Given that these findings were back in 2002, and a movie like Concussion is just now coming out, you can guess how successful the NFL was in at least partially hiding the public’s knowledge of this issue. The film, much like The Big Short, does a solid job demonizing its target, although without the same level of venom that’s found in The Big Short or something like Spotlight. CTE directly causes deaths, the NFL knew about this, and nothing was done. It’s hard to take the NFL’s side on this, and Concussion isn’t interested in trying to justify the NFL’s reaction. Dr. Omalu is a saint, the NFL is the devil, and people died because of its inaction.
Whether or not you’ll get anything out of Concussion depends on why you’re watching it.
Part of the problem with Concussion is right there. Dr. Omalu is a saint, here presented as basically the perfect person. He takes in a girl from Kenya (Gugu Mbatha-Raw), whom he later marries; he’s so righteous that you know instantly he’ll never morally be in the wrong; he’s perseverant; and he’s so smart that he’s the first one to discover something so obvious. I know a lot of people are getting on Star Wars: The Force Awakens for having a “Mary Sue” character, but we’ve got a better example right here – assuming we’re going to continually misuse that term, of course.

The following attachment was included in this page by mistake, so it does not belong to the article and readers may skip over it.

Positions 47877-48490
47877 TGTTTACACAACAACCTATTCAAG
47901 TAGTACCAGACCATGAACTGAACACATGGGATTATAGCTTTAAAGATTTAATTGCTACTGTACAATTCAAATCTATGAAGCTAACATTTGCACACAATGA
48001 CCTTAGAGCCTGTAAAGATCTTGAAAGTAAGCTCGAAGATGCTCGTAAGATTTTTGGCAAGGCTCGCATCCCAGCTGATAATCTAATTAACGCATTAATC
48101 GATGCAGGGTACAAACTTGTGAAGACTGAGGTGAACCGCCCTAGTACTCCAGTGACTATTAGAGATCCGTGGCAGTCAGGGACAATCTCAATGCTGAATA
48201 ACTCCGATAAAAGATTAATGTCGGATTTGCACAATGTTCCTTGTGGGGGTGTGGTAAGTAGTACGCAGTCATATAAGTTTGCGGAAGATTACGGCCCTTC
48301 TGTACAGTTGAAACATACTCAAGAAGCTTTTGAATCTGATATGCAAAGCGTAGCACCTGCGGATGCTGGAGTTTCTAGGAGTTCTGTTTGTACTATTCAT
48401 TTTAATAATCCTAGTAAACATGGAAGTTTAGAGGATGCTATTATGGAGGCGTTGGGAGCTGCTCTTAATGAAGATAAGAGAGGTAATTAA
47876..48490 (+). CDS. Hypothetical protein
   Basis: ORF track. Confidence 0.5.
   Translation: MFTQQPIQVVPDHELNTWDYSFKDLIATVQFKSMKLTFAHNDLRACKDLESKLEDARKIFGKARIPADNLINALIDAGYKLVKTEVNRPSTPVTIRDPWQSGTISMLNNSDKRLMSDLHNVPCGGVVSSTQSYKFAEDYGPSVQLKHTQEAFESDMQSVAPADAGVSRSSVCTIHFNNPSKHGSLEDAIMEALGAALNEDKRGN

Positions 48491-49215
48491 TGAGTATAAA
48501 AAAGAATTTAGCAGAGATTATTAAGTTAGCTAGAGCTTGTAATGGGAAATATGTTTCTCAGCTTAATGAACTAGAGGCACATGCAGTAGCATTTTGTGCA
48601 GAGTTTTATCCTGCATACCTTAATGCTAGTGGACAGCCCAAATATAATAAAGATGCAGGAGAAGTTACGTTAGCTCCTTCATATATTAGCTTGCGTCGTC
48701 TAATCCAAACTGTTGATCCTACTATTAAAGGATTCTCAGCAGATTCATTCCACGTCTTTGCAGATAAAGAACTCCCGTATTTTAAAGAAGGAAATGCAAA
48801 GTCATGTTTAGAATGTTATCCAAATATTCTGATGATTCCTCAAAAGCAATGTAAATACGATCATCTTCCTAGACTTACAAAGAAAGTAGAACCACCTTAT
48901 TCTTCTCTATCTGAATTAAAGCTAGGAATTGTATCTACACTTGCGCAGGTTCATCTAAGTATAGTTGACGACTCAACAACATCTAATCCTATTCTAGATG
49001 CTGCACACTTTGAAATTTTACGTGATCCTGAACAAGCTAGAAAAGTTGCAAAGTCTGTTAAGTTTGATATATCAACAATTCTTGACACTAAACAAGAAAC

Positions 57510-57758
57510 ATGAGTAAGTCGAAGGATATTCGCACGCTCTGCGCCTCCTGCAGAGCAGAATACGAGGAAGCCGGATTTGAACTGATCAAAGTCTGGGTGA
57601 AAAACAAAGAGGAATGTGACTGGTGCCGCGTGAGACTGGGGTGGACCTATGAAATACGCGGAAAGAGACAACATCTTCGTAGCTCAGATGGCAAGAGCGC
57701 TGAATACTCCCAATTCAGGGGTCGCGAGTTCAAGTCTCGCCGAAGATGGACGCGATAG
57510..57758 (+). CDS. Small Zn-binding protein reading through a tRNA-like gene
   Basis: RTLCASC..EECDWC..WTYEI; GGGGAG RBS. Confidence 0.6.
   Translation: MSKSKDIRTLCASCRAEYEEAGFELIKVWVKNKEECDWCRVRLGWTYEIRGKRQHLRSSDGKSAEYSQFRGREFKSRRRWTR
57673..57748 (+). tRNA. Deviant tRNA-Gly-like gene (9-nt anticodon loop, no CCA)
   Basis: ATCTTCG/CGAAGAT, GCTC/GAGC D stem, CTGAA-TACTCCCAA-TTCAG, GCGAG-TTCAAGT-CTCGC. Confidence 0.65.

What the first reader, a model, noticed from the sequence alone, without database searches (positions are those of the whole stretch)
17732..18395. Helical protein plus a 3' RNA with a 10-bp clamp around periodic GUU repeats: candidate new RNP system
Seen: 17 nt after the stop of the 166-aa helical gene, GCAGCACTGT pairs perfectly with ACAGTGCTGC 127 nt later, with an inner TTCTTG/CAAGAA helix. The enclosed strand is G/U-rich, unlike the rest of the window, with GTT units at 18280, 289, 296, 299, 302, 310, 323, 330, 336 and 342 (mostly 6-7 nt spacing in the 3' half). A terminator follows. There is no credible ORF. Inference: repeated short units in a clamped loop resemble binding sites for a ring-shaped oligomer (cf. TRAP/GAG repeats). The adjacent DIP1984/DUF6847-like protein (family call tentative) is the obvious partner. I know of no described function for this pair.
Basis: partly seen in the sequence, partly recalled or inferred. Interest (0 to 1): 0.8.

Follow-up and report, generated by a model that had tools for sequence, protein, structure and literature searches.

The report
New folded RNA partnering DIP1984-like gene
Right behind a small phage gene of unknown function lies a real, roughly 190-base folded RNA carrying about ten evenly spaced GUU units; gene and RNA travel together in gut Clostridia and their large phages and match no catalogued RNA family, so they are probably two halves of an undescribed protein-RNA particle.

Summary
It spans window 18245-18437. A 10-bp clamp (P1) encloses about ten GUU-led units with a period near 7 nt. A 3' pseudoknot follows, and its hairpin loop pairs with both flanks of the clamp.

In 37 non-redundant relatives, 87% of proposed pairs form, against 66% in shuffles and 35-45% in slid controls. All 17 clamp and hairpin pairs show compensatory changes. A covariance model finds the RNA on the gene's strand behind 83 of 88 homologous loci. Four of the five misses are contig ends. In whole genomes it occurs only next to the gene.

But, then, Concussion is a biographical film, and when the subject is still alive when these types of movies are made, it’s rare to see heavy criticism of them. More of an issue for Concussion is that this is a dry subject, and the film struggles to make it exciting for the audience, using an absurdly lengthy feeling two-hour running time and a basic and repetitive plot to tell this story. This subject probably something that would have been better as a documentary, as the subject matter fits that genre better, and it probably could have been even more biting. While the denials are already up, it’s been proposed that the Sony altered Concussion to appease the NFL, which isn’t something that is too difficult to believe. An investigative documentary wouldn’t likely have that issue, since it wouldn’t have a $35 million budget it needs to make back or an A-list actor as the star.